Modern day media is a strange animal. It is easily excited raises expectations quickly and then just as rapidly dashes them.The excitement focused on the meeting of the Pakistani and Indian prime ministers is a typical example. On the morning of the foreign secretaries’ meeting in Sharm el Sheikh there began a rush of phone calls that increased during the course of the day in which anchorpersons were eager to know what could be obtained from the meeting and why we couldn’t stop talking to India. The tone and tenor of the conversation was similar on the other side as well.
At this point in time Indo Pakistan ties can hope to make little movement. Given the highs and lows of our bilateral engagement there is little that the two establishments expect from each other. They can only try and convince the international community of their eagerness to have a debate and ensure the absence of military conflict.
Socio politically these are historic days for the subcontinent because the media one of the most effective tools for lobbying public support for policy is an active player in the foreign policymaking debate. The common media refrain in both countries is that their side must not talk to the other. The media is being exceptionally hostile and influencing public opinion and policymaking. Of course policymakers don’t admit that using the media is dangerous because after a certain point it becomes difficult to roll back public opinion.
Hence it is not surprising that earlier on Indian Prime Minister Manmohan Singh spilled the beans (regarding his official position) in front of the Pakistani president even before the press left the room. It was more than an error to put his cards on the table in the presence of both the president and the press. Manmohan Singh was probably not too excited about Zardari’s ability to comprehend the bottom line in terms of India’s desire to maintain friendly relations with Pakistan — the message was that Islamabad would have to eliminate terror and violence mechanisms operating on Pakistani territory before New Delhi considered talks with Pakistan.
In the past New Delhi had built up a rapport with the Nawaz Sharif and Pervez Musharraf governments to the extent that both sides had the confidence that they were about to improve jinxed India Pakistan relations for the better and that there would be no turning back. While the dispensations thought that they could carry their security establishments with them to improve relations with India by putting Kashmir on the backburner the Indian government was convinced that they had finally met Pakistani leaders who could command sufficient respect at home to convince the people and the military to give up on the Kashmir issue. Each time some crisis prevented a further buildup of relations.
India does not seem to have the same confidence in the present government. In fact in the days following the Mumbai terrorist attack last year many in New Delhi were not even sure who the real government in Pakistan was when it came to relations with India. Asif Zardari and his cabal seem to have promised things that they could not deliver later. Moreover while the president seems to talk about a composite dialogue especially trade with India the prime minister appears to follow the traditional line. Interestingly in the past Delhi was willing to talk about everything including bits of Kashmir. Today the political regime in Islamabad wants to talk about everything including trade with bits of discussion on Kashmir. The Indians are not too keen on this.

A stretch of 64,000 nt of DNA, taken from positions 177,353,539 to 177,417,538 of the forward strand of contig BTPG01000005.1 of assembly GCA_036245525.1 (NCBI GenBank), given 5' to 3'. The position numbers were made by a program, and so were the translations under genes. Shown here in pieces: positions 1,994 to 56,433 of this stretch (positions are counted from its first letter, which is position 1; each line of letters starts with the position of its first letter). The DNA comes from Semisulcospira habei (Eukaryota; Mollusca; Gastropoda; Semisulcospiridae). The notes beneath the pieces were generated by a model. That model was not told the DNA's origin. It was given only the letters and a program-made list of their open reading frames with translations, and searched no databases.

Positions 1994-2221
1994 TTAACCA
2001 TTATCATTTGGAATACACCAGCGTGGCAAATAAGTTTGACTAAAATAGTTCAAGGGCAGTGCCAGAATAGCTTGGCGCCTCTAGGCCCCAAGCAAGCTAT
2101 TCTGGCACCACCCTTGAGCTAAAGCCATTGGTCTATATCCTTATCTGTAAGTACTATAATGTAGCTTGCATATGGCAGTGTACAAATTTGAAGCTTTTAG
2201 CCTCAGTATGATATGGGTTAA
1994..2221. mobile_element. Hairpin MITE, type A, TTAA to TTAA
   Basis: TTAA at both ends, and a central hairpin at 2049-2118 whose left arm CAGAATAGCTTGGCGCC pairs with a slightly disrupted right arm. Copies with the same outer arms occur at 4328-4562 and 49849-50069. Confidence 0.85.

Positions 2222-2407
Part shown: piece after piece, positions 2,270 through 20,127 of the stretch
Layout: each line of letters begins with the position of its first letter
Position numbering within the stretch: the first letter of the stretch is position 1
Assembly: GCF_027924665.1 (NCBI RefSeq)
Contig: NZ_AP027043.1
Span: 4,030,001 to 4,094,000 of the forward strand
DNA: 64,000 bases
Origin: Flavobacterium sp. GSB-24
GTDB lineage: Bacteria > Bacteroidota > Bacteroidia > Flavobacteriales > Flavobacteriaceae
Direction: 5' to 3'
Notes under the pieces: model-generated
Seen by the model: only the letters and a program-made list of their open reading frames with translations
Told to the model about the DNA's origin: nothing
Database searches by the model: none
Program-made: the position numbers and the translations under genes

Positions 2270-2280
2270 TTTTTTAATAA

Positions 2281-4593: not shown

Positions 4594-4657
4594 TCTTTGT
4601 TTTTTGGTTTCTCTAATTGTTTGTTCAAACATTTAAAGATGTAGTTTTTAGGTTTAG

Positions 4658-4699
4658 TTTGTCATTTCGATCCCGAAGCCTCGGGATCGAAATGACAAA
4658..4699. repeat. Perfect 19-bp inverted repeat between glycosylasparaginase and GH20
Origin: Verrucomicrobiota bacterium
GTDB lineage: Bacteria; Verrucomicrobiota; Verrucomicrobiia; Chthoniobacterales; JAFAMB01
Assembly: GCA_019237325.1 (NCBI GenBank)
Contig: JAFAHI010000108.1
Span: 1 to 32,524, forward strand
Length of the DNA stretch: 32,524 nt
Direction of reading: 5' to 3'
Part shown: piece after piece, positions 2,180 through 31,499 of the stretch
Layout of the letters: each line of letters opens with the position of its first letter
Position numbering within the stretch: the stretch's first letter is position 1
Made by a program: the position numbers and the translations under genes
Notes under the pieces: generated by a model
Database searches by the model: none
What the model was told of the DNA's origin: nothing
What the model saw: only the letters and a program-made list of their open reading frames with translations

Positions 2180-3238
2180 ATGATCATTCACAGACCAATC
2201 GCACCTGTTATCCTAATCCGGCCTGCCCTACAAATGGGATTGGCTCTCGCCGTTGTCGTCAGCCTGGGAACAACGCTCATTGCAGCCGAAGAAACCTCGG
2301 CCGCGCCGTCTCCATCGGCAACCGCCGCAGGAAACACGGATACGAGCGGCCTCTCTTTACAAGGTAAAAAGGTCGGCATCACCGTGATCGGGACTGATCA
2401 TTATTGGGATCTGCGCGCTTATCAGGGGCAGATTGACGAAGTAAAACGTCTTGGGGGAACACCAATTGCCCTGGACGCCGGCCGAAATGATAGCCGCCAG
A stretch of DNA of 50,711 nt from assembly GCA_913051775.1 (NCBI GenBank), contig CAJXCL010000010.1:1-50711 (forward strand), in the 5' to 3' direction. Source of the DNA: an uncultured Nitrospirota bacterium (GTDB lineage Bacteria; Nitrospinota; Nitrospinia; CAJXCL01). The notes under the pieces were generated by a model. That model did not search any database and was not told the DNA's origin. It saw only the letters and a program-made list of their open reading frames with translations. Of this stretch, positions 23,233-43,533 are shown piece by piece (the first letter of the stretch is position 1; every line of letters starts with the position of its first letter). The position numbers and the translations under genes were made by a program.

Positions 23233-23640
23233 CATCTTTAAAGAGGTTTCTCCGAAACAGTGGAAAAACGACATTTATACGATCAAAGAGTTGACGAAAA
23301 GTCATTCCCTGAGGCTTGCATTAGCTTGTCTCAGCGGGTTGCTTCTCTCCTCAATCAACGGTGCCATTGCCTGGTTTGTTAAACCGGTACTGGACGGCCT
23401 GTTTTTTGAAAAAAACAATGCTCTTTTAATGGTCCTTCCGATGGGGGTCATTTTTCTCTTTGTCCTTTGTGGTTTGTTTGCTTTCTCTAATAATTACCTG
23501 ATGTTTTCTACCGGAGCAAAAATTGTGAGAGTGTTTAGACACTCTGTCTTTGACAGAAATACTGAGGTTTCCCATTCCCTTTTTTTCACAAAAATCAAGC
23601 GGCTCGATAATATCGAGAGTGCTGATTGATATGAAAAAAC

So Dr Singh wanted to let the fly on the wall know that lest the Pakistani leaders say something in public and raise expectations about normalcy in India Pakistan bilateral relations it must be put on record before the press that Delhi wouldn’t budge on a single point. Unfortunately the war on terror is an issue on which there is no ‘seeing eye to eye’ for the two sides. While India sees Pakistan as the source of all problems Islamabad believes that India along with its American partners is causing it all the pain. Of course no one mentions the fact that Islamabad should do more in terms of providing concrete evidence for India and America’s involvement in the violence in the northern areas.
At this juncture there are two realities. First it is very difficult to make any movement on any peace initiative because our agendas have become very divergent. The non state actors whom people would like to see evicted from the South Asian strategic scene have come to stay mainly due to the inability of the state actors to indulge in some out of the box thinking. Second diplomatic force and pressure might not help beyond a certain point. The two neighbouring states along with their friends and allies will have to sit together with greater patience than before to understand each other’s insecurities and concerns.
The reality is that we are in a historical ideological bind from which there is no getting out at least not for the present. Territorial disputes are a component of the real tension. Thus some form of territorial solution be it of the Siachen glacier issue or the Kashmir imbroglio is important as this would indicate the interest of policymakers on either side in evolving newer imagination about each other.
However what appears more likely at this stage is that India and Pakistan will muddle through the present times and continue with relations that are not normal until a point of greater destruction is reached. This would then teach us a lesson in peace. Or perhaps we would come to learn the worth of the latter through some miracle.
Seen from the lens of the media it is really a game of patiently sitting and watching events in the subcontinent. After all both states and the entire South Asian region can either sink or swim together.
The writer is an independent strategic and political analyst.